Following the war, Pauling returned to his own research. He launched himself into a study of the structure of DNA, developed
a theory of molecular disease, and began a course of research on proteins. In 1954 he was awarded the Nobel Prize for Chemistry
for "research into the nature of the chemical bond and its application to the elucidation of complex substances." In some
ways, it was as if the war had only registered as a brief interruption from normal routine for Pauling.
But in reality the war had changed him. In his own laboratory, with his own work, he had seen how science could improve and
even save lives. In the newspapers and radio reports, though, he had seen just how much pain and suffering could come from
scientific pursuits. As with so many others, the atomic bomb had changed his understanding of the world.
Following the bombings of Hiroshima and Nagasaki, Pauling began an in-depth study of collected research on nuclear energy.
With his extensive chemistry knowledge and background in quantum mechanics, the mechanics of nuclear weaponry quickly became
clear to him. He began giving public talks on atomic weapons, explaining the bomb in simple terms to non-scientists. He
also began to take note of those fellow scientists who spoke out against nuclear weapons. Not long after the atomic attacks
in Japan, he declared "I feel that, in addition to our professional activities in the nuclear field, we should make our voices
known with respect to the political significance of science."
The second World War had convinced him that humanity could not survive another full-scale war in which nuclear weapons were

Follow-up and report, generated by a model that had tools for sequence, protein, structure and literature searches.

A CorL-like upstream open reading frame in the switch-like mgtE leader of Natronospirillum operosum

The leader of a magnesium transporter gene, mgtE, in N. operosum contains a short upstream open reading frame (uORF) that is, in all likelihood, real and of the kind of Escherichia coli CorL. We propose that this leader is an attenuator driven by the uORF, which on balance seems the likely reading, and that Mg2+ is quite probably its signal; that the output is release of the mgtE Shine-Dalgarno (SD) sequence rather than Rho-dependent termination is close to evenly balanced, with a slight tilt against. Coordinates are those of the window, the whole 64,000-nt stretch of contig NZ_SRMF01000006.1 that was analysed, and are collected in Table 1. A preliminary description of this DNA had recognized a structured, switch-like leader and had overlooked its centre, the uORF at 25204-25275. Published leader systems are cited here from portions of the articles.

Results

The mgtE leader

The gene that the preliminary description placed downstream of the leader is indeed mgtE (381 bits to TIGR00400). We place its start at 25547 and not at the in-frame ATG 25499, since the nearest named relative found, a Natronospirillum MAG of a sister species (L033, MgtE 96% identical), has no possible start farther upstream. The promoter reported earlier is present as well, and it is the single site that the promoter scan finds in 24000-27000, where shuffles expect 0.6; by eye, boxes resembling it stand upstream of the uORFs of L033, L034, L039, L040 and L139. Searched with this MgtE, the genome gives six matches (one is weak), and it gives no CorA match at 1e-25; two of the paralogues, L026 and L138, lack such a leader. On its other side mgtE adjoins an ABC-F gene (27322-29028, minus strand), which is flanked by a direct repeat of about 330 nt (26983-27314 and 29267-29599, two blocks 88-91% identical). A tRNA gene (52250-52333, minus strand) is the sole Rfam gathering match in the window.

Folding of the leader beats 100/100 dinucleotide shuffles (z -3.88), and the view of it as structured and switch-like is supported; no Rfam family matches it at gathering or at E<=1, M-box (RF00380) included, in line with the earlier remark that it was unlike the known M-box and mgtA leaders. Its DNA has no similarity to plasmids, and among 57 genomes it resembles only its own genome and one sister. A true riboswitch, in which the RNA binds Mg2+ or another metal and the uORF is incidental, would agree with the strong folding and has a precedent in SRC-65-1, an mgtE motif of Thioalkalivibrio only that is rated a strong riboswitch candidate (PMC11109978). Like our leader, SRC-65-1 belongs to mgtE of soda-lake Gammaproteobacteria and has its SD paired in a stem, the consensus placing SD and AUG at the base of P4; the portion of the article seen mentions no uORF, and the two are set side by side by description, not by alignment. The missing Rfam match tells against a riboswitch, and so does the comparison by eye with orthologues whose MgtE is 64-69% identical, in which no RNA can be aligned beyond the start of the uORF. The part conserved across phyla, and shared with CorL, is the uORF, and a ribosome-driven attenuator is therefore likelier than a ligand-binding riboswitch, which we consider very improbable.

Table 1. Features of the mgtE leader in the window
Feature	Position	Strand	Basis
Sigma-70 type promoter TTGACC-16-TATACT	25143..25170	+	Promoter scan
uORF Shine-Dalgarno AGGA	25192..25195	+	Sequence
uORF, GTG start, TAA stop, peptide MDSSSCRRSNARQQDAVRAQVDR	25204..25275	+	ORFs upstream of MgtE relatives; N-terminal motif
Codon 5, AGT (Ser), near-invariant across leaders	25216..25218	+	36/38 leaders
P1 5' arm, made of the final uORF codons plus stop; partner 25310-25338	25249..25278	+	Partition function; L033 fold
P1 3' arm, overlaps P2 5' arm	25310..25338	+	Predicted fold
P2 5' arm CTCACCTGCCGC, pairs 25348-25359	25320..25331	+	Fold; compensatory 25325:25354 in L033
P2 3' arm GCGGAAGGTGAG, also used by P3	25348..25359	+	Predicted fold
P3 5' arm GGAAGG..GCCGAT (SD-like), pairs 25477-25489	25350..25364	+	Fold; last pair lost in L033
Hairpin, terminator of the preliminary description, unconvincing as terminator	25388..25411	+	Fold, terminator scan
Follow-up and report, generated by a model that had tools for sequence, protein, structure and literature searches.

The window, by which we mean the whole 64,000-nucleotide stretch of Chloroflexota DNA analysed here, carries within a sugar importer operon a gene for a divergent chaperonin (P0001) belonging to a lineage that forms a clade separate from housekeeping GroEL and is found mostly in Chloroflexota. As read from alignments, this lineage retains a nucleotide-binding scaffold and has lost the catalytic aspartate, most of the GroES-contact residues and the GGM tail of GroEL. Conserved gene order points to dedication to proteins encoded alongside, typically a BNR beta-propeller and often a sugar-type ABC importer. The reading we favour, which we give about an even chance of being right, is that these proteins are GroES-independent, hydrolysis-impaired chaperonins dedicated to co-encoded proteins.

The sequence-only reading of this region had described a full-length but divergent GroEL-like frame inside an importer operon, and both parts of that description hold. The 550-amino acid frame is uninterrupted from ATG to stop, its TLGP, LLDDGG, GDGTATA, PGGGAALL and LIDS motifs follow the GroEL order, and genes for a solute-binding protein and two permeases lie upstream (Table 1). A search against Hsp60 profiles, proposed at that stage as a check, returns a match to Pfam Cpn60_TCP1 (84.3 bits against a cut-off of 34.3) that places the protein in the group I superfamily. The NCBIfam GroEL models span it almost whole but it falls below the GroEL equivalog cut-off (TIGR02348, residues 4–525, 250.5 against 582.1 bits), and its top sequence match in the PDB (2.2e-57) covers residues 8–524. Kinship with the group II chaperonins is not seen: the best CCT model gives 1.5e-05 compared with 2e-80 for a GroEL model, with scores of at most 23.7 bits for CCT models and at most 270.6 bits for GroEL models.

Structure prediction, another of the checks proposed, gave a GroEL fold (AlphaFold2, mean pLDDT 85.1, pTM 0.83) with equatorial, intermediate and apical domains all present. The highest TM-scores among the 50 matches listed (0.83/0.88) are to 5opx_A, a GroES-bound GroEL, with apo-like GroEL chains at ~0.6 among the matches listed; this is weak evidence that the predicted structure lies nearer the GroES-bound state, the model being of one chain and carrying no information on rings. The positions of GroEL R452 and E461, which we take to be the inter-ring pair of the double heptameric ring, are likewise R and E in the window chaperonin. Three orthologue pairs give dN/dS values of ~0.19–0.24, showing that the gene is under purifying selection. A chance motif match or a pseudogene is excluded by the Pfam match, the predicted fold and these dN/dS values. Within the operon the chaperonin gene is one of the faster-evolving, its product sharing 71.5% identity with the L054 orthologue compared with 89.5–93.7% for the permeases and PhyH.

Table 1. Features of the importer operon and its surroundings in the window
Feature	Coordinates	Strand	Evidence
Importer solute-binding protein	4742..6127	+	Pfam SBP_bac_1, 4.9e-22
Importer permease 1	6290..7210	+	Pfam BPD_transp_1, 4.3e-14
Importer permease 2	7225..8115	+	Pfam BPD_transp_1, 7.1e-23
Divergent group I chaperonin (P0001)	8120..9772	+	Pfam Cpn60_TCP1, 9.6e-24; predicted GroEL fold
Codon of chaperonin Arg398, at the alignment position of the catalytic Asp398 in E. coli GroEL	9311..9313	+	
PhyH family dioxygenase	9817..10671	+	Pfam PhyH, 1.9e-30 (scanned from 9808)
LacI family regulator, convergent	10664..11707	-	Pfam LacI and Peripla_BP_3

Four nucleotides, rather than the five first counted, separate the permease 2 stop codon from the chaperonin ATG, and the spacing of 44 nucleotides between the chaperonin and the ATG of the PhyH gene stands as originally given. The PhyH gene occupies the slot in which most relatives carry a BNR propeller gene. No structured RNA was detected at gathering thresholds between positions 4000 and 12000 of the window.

used. Alarmed by the new world order that U.S. technology had created, he launched an extensive campaign to end nuclear proliferation.
Throughout the post-war and Cold War era, he lectured and petitioned, working to unite scientists and academics against nuclear
weapons. In 1963 following a partial test ban treaty signed by the U.S. and USSR, Pauling was awarded the Nobel Peace Prize,
making him the only individual in history to win two unshared Nobel Prizes.
Until his death in 1994, Pauling was one of the most public scientists and activists in the United States. His work in the
laboratory revolutionized modern chemistry and biology, and his political activism spearheaded a major peace movement among
scientists and intellectuals around the world.
Despite his dedication to the peace movement, Pauling remained proud of his contributions to the war effort. During and following
the war, Pauling was repeatedly honored for the contributions that he made to the Allied cause. His work was recognized by
the War Manpower Commission, the NDRC and OSRD, the War Department, and the United States Navy Bureau of Ordnance. Most impressive,
however, was his 1948 reception of the Presidential Medal of Merit, the highest possible honor awarded to a civilian in the
It is clear that, even after throwing himself into his peace work, Pauling felt that he had served his country well for a
just cause. In a 1968 interview, he was asked if he would again provide his services to the United States military if so
requested. "Well, I assume that I would," he replied. "I find it hard to believe that a situation would arise where I would
behave in what would be called an unpatriotic manner."